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Frustration in Dog Training

Frustration is a prominent theme in dog training. Unfortunately, sometimes we cannot communicate effectively with our furry friends in the way that they need. The more we try, the more frustrating it gets, and the angrier we become. This is a dangerous situation! Patience is key in dog training. Our pets learn best through positive reinforcement with lots of love and treats – not us yelling at them!

Imagine this: You are sitting at a desk working a math problem that you’ve never seen before. That’s bad enough, right? Now imagine trying to work it with someone breathing down your neck and yelling at you when you make a mistake!

Tension. Panic. Frustration. Confusion. None of these are productive.

What you need is for someone patient to sit down with you and teach you calmly how to finish the problem. The same goes for dogs! If they don’t understand something, take a breather and step back. Simply remember that they want to do the behavior correctly, but they don’t know how. Make the training simpler, and if all else fails, stop the training and come back to it later. It won’t be the end of the world if you don’t get to finish your 10 minute long training session. Always end on a good note, not a frustrating one! You and your pooch will be much happier together. Don’t get me wrong, though. Sometimes our pups have a hard time with commands that they already know, too. The same goes for these kinds of situations. Step back, breathe, and then continue.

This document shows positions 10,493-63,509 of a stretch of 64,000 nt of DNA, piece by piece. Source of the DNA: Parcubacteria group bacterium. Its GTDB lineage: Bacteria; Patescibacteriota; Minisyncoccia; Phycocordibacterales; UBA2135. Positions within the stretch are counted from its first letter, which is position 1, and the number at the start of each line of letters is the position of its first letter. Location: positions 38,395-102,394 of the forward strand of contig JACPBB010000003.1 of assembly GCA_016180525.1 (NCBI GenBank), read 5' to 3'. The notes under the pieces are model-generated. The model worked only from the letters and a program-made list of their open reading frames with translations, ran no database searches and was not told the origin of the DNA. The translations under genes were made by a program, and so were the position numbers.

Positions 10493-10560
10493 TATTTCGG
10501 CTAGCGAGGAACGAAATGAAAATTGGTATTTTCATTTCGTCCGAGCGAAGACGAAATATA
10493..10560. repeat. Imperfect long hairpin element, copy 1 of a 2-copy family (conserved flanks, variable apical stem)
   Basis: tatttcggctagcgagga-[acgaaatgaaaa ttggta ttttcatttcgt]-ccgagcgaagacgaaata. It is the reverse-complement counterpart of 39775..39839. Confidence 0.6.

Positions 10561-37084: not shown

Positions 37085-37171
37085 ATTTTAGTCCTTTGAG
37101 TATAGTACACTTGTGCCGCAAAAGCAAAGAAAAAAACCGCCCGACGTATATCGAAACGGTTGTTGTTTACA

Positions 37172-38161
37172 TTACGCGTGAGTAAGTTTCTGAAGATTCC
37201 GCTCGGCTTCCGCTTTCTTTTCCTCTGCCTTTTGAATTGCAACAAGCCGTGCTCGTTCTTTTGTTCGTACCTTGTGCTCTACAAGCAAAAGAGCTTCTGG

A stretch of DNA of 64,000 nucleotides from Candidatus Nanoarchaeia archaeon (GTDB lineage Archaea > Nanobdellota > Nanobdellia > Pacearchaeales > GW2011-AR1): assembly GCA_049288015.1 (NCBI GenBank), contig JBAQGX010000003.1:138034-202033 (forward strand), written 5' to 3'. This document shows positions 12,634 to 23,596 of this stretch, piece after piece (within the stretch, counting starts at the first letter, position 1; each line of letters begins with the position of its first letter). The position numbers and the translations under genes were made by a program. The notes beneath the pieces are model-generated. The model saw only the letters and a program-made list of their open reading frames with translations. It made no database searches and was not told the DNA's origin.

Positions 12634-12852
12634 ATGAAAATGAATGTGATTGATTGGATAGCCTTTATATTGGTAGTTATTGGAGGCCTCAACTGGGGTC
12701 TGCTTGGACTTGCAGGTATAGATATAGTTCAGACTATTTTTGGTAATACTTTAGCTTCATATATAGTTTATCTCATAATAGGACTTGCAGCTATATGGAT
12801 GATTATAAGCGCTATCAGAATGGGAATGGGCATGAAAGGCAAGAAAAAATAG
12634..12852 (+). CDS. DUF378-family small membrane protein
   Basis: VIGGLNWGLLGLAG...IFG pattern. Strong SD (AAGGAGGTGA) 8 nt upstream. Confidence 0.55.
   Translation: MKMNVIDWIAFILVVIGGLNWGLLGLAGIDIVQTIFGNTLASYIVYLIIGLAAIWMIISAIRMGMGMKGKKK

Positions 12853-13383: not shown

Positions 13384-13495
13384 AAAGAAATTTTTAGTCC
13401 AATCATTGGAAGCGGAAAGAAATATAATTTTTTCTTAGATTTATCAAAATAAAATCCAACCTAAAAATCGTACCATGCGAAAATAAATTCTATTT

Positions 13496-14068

Take for instance the “sit” command. If you have a rambunctious puppy who gets overly excited for his snacks, he may not be able to think clearly. Often times, dogs who become extremely aroused get so worked up that they don’t even hear what you are saying. All he knows is that he desperately desires what you have in your possession. This does not mean that he is unwilling to do the commands, but it simply shows that he is struggling with self control. Sometimes you may give a command and your dog might preform a different command in desperation for his delicious, mouth-watering treats. Calmly remind him of the correct behavior that you are looking for, and then gently guide him in the right direction. If you want him to sit, take the training back a notch and show him with your hand how to do it. Do not let him fail again and again. If you can tell he’s having a hard time after the first or second command, a helping hand can go miles to make the training session much more productive and fun for both you and your friend. Enjoy the time you have with your dog; cherish every moment, and don’t let frustrations ruin your day.

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